A Freedom Strategy for North Korea
The Freedom Collection
By Arch Puddington
During Soviet times, the Kremlin had a policy of carefully rationing the release of American movies. The authorities kept the number of Hollywood films limited. And they kept a careful eye on the political message, giving priority to plots which showed the United States at its worst.
Soviet audiences thus saw an America where the rich exploited the poor and the powerful persecuted the weak, and decent, ordinary people were forced into a life of crime.
Yet as emigres reported, filmgoers often got a message much different from the one the cultural authorities intended. They understood the stories as entertainment, not a lesson in dialectics. And they zeroed in on the details. Kitchens, for example. Ordinary Soviets had communal kitchens; Americans, even under conditions of exploitation, had spacious kitchens of their own.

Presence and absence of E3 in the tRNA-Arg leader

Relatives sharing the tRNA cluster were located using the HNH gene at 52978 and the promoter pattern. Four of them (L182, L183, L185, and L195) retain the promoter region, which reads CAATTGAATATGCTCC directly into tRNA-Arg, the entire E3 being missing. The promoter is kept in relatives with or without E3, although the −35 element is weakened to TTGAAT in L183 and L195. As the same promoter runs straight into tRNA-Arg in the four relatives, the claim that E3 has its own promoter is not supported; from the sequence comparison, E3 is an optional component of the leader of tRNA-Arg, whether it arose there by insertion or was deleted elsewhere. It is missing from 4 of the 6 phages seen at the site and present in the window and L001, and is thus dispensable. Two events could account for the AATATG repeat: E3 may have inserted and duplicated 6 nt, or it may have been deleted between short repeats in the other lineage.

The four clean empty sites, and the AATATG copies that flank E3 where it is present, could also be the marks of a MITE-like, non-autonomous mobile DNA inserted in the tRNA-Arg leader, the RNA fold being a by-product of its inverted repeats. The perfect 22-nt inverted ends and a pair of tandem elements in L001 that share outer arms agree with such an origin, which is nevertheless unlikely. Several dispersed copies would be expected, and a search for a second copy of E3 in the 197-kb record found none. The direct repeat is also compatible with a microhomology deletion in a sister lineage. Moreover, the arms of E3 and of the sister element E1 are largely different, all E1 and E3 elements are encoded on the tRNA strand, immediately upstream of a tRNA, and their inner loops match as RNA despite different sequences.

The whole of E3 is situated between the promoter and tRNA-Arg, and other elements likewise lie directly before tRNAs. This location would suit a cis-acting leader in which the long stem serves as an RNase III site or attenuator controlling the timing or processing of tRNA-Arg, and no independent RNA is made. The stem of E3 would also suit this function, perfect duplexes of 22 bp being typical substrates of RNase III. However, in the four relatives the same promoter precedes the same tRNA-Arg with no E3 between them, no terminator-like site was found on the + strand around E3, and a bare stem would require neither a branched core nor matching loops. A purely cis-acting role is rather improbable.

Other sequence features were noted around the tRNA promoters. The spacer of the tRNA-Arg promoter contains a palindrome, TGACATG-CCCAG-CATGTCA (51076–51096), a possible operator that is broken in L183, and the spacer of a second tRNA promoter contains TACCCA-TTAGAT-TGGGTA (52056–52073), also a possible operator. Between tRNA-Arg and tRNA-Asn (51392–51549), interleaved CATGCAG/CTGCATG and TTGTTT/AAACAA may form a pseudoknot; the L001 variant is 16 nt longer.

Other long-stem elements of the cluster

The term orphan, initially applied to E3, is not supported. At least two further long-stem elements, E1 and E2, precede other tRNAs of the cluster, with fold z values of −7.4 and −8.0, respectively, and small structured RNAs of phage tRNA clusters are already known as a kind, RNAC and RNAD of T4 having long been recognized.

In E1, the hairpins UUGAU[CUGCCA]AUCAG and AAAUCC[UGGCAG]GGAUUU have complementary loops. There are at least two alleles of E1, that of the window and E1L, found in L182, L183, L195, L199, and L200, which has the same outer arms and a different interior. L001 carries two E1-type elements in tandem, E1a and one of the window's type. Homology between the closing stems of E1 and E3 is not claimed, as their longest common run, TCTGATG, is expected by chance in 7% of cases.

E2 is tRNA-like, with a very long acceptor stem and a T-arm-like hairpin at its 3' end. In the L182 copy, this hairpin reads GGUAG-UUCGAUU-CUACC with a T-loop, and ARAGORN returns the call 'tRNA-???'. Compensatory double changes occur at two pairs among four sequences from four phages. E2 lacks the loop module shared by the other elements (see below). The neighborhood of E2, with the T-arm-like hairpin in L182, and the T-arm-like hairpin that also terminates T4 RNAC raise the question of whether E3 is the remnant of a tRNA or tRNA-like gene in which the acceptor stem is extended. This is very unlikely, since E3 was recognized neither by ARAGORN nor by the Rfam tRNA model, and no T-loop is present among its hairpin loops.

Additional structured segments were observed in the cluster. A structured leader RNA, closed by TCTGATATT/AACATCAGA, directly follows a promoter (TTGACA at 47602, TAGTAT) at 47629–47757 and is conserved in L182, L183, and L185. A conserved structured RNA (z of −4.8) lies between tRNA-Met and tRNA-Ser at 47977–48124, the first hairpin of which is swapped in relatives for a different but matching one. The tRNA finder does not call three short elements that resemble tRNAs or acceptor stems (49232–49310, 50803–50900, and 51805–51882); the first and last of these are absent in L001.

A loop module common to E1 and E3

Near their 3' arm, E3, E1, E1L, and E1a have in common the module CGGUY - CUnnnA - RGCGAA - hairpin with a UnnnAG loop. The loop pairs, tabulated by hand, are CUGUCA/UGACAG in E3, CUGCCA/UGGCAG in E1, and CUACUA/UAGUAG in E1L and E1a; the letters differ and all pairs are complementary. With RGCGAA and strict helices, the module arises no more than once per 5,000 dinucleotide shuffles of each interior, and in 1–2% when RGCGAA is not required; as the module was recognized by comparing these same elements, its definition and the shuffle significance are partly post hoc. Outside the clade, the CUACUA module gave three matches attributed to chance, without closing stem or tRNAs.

The Soviet experience reminds us just how subversive the mundane facts of daily life in free countries can be for societies where censorship and isolation are the order of the day. There are few such societies in the age of the internet. The worst may be North Korea.
Read the rest of the article here: http://www.freedomcollection.org/news/2014/10/a-freedom-strategy-for-nor...
Photo Credit: Roman Harak / CC BY-SA 2.0
Freedom House is an independent watchdog organization that supports democratic change, monitors the status of freedom around the world, and advocates for democracy and human rights.